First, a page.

Liquid-liquid Extraction




Intro: Liquid-liquid Extraction


Liquid-liquid extraction is a simple extraction technique that exploits relative solubility in order to separate solutes of a solution. This instructable will outline the steps for a simple liquid-liquid extraction and demonstrate proper technique.

The process should take around 4-5 minutes, but varies depending on volume extracted and any repeated extractions.

It should be noted that the instructions. will be based on materials used in this particular instructable and that supplemental instructions should be followed depending on materials used. As such the solvents used include water for the aqueous solvent and acetone for the organic solvent, both of which have been colored for clarity.

Safety Concerns

Proper laboratory attire should be worn when working with chemicals (gloves, goggles, lab coat etc.)

Follow any safety protocol related to chemicals used in your experiment.

Step 1: Materials

  • Aqueous solution
  • Organic solution
  • Vial & Cap
  • 2 Test Tubes
  • Pipette
  • Alternatively a separatory funnel (not pictured) can be used instead of a vial and pipette

Step 2: Mix the Solvents

    1. To the vial, add both the organic solvent and the aqueous solvent. Two separate layers should be observable due to differences in solvent densities. The less dense organic layer will be above the aqueous layer.
    2. Cap the vial and mix the solution by inverting the vial gently, do not shake too vigorously or you will cause a very fine dispersion of immiscible solvent (emulsion) which will take long to separate.
      • NOTE: You should periodically stop and remove the cap while during the shaking process to alleviate any pressure build up that may occur.
    3. Allow the phases to separate out such that two distinct layers are observed and no noticeable amount of solvents are mixed

    Step 3: Separate the Layers

    1. Extract the layers from one another, make sure to note which layer is organic and which is aqueous (Figure 3.)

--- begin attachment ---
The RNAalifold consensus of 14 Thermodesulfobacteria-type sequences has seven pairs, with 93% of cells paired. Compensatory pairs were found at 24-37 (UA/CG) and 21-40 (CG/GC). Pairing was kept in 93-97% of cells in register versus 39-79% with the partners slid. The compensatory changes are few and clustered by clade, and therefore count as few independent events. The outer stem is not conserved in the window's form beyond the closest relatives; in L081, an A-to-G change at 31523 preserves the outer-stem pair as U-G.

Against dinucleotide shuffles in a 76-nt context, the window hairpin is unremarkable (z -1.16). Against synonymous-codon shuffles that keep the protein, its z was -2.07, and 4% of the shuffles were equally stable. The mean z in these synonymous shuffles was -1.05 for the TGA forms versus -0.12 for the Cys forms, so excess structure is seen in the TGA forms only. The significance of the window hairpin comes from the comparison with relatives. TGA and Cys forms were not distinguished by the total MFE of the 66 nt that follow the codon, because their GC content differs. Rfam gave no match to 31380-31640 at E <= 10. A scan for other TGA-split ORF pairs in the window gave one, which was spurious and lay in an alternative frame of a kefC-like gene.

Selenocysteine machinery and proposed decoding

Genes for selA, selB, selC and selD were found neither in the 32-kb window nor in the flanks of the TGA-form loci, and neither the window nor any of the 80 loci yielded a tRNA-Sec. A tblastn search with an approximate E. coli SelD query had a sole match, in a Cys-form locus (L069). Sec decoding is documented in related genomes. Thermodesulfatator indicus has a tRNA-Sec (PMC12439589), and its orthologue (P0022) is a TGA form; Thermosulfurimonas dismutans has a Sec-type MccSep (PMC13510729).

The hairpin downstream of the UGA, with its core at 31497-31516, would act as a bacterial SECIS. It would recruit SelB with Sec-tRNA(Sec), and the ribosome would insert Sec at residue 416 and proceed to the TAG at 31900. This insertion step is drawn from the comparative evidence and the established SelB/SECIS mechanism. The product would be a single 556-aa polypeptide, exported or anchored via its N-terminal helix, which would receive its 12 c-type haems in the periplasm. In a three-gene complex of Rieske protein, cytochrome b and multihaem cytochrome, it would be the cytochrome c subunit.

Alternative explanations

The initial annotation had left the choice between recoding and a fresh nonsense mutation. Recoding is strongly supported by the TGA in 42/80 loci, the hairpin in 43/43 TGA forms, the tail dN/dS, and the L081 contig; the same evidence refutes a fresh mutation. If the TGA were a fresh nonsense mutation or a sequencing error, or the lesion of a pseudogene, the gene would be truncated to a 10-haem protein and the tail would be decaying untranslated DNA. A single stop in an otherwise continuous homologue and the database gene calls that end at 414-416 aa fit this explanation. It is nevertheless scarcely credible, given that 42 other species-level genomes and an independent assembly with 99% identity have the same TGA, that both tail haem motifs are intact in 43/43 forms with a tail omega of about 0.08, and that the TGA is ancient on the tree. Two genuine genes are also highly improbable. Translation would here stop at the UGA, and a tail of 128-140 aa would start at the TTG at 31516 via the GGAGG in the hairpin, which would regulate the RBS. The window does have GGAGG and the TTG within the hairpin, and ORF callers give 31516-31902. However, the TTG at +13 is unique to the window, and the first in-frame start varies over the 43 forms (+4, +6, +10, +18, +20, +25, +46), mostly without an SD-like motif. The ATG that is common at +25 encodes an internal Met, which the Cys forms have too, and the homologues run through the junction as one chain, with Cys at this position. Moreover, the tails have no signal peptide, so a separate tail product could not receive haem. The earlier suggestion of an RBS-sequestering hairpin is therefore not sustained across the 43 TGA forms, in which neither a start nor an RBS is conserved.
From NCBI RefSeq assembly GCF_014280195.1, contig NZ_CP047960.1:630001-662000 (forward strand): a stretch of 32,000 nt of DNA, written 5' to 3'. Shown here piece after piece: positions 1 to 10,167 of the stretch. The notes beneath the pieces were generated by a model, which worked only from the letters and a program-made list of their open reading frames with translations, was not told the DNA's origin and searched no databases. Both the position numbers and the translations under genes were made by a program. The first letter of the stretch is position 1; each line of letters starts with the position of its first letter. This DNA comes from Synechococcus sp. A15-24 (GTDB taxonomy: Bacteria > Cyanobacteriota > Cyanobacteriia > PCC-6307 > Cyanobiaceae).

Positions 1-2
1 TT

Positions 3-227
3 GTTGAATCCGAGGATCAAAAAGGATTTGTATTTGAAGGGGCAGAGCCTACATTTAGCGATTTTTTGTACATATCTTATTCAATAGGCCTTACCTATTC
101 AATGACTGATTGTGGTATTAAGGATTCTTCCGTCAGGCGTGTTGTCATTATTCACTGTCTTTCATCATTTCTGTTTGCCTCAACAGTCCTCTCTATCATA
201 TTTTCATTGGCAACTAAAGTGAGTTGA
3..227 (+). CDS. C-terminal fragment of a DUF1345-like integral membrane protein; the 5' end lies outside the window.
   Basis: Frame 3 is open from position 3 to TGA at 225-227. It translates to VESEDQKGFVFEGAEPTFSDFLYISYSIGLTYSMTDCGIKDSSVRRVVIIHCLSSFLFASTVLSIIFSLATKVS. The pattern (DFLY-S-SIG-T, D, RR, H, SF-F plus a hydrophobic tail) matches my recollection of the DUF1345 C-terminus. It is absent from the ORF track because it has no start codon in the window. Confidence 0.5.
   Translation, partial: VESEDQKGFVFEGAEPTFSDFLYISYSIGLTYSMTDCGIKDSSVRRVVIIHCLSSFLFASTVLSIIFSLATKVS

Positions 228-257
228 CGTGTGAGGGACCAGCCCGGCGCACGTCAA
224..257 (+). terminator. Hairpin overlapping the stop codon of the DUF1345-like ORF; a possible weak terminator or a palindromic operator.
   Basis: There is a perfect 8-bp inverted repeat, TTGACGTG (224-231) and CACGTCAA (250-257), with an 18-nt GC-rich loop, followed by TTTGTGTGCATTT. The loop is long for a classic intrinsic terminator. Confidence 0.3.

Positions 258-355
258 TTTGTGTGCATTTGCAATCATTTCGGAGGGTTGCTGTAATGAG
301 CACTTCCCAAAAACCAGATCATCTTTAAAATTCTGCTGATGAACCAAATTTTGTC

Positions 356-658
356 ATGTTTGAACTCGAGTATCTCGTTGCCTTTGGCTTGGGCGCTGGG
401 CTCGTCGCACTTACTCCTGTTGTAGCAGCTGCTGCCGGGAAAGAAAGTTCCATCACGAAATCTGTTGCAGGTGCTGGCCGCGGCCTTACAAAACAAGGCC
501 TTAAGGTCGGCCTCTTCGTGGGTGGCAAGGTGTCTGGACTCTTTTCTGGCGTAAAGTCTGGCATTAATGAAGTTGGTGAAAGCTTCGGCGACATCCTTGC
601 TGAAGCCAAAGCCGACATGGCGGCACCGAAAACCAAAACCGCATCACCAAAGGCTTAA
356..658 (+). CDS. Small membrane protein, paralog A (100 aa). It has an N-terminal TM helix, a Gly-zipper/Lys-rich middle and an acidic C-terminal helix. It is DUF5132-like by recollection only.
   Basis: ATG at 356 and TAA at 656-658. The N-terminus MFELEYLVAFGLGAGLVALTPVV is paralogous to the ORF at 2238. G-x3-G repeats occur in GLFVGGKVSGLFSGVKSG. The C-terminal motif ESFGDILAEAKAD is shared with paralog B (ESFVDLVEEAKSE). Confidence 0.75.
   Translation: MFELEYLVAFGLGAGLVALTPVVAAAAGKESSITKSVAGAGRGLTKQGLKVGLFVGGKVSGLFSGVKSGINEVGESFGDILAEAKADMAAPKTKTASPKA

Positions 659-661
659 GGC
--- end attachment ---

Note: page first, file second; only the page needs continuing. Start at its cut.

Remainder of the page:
2. Transfer the layers to separate test tubes to isolate the different solvents.
    3. Add water to the organic solvent to further extract any aqueous soluble solvents, repeat the steps up until this point and extract the new aqueous layer to the same container.
    4. At this point you have successfully completed a round of extraction, the process can be repeated to further extract different solutes as per instruction of your particular experiment.

    Step 4: Drying the Organic Solvent

    A drying agent such as magnesium sulfate can be used to further extract aqueous solvent from the organic solvent after extraction.

    1. Add drying agent until the organic solvent is sufficiently dried of aqueous solvent. If the drying agent forms a clump at the bottom of the tube, then more drying agent is needed
    2. Stop once the drying agent begins to swirl around in solution with a 'snowglobe-like' consistency
    3. At this point the drying agent can be filtered out via vacuum filtration or simple gravity filtration



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      4 Discussions


      Question 6 months ago

      If an instruction says: extract with chloroform (6 x 30ml). What is the meaning of 6 x 30ml?

      1 more answer

      Answer 6 months ago

      That would mean to extract using 30 mL of chloroform 6 times, for a total of 180 mL used.


      1 year ago

      We never did extractions in chem class but I think it would be fun. :) How do you make sure to only grab the one and to not leave any in the second sample?

      1 reply

      Reply 1 year ago

      This is where the drying agent comes in handy. When mixed with the organic solvent, it helps to absorb any water that may have been transferred over.